Your dog may live a comfortable life in your home, with access to a world of luxuries his wild ancestors couldn't dream of having. But he still has a very active set of survival instincts. Threats to his territory, unwanted attention from people and animals and even being separated from his pack can cause him stress. Fortunately, he's very good at communicating when he feels stressed, you just need to learn the non-verbal lingo.
A dog who is feeling stressed with typically give away his feelings quite obviously. However, if you don't speak "dog," these signs are quite easy to miss. Low tail carriage, hunching and shifting the weight between his left and right hind legs are all signs of stress that other dogs will quickly recognize. Your dog expects you to recognize these, too.
A dog can communicate a lot with his eyes. If he refuses to meet your gaze, or repeatedly looks away, he's being submissive. If he's being submissive, he's trying to say "Hey, I'm not a threat, please be kind to me." But if this submissiveness is ignored, your dog may begin to feel threatened. If he narrows his eyes, this is a reaction to feeling stressed. Lip licking, yawning, panting and pinning the ears back are all signs of stress.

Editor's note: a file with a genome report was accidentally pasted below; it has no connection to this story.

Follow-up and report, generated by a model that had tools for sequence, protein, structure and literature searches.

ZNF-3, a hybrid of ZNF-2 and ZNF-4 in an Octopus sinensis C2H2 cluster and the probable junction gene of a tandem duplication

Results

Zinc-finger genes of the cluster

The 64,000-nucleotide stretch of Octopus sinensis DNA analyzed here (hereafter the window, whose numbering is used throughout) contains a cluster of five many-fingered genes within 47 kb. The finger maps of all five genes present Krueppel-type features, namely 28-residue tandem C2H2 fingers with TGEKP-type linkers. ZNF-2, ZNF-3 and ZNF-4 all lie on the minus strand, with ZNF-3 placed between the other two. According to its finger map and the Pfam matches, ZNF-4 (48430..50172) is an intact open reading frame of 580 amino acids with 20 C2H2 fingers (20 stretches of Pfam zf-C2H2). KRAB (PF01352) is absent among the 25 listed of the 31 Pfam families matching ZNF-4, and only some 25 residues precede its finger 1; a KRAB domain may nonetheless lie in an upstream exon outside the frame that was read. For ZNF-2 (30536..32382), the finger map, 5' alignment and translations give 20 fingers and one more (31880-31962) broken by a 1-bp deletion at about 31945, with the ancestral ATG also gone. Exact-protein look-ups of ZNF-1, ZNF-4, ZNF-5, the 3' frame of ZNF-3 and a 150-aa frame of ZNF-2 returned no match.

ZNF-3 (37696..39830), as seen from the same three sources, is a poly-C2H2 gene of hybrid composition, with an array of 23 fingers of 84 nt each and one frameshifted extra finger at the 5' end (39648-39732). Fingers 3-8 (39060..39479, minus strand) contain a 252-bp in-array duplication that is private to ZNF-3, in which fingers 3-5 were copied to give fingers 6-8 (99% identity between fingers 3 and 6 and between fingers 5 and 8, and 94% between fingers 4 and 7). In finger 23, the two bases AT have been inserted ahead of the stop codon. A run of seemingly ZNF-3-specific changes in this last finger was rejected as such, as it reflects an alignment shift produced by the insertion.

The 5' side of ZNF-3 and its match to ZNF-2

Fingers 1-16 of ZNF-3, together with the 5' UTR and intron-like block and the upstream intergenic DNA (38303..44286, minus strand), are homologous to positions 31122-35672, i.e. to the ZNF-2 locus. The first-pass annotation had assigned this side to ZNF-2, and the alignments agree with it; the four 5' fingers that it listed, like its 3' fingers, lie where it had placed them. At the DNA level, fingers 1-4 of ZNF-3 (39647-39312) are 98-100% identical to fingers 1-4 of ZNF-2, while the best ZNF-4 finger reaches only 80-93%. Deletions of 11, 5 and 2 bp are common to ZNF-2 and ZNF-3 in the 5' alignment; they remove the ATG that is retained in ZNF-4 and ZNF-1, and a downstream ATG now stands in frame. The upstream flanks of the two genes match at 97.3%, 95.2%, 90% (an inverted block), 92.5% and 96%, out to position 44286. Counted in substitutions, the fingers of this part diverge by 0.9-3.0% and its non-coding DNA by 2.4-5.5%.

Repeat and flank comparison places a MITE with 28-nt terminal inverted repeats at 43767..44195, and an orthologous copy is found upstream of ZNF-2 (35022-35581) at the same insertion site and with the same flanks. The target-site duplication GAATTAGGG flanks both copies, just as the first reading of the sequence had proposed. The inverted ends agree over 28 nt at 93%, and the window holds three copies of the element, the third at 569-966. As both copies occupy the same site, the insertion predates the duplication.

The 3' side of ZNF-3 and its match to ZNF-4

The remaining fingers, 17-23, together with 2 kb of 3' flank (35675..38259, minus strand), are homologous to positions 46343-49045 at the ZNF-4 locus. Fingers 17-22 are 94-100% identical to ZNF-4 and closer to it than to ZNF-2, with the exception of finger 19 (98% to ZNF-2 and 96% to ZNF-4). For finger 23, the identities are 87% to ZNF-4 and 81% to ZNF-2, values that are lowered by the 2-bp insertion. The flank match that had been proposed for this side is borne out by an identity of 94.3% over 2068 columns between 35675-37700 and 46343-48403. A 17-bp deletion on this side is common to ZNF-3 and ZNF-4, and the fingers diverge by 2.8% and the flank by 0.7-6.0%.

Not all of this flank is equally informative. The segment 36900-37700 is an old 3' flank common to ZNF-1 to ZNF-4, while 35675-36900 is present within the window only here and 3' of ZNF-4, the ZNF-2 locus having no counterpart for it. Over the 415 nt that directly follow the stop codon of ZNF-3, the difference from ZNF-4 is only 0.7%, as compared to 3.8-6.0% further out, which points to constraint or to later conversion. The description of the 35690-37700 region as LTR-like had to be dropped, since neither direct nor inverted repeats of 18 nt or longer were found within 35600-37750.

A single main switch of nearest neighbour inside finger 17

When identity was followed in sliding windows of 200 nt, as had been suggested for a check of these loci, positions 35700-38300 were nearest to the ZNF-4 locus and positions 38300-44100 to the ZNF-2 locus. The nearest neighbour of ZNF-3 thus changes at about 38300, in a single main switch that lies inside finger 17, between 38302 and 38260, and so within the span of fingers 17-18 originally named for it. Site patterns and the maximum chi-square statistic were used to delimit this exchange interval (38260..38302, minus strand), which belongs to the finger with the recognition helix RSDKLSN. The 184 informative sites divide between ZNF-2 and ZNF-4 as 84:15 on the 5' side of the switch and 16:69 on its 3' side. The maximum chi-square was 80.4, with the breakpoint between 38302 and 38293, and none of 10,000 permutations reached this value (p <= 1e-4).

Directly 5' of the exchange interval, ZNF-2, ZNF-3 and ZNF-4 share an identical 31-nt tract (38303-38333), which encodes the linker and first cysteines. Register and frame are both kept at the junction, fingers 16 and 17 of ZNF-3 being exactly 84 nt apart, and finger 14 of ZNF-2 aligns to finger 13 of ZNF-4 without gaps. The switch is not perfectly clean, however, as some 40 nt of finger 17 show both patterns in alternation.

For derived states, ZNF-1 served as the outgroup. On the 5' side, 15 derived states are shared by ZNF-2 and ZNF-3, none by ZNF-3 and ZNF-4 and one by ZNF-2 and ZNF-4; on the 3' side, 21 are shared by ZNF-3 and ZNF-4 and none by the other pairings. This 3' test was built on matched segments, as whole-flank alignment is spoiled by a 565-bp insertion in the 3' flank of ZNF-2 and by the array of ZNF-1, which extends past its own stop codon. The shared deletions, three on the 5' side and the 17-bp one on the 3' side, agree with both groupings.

Your dog has quite a vocabulary and there are many sounds that mean "OK, this is stressing me out, please stop." A whine or a whimper are typically the first audible signs of stress. If ignored, your dog may start to bark. If his whimpers and barks are ignored, he'll revert to a low, sustained growl. This must not be ignored, as it means your dog has run out of polite ways to tell you he's stressed and is now starting to feel anxious.
If your dog is subjected to sustained or regular stress, for example if you've just moved or if a member of family changes their routine or is absent, the residual stress may cause your dog's behavior to change. Excessive shedding, refusal to eat, restlessness and destructive behavior are all behavioral indicators of stress.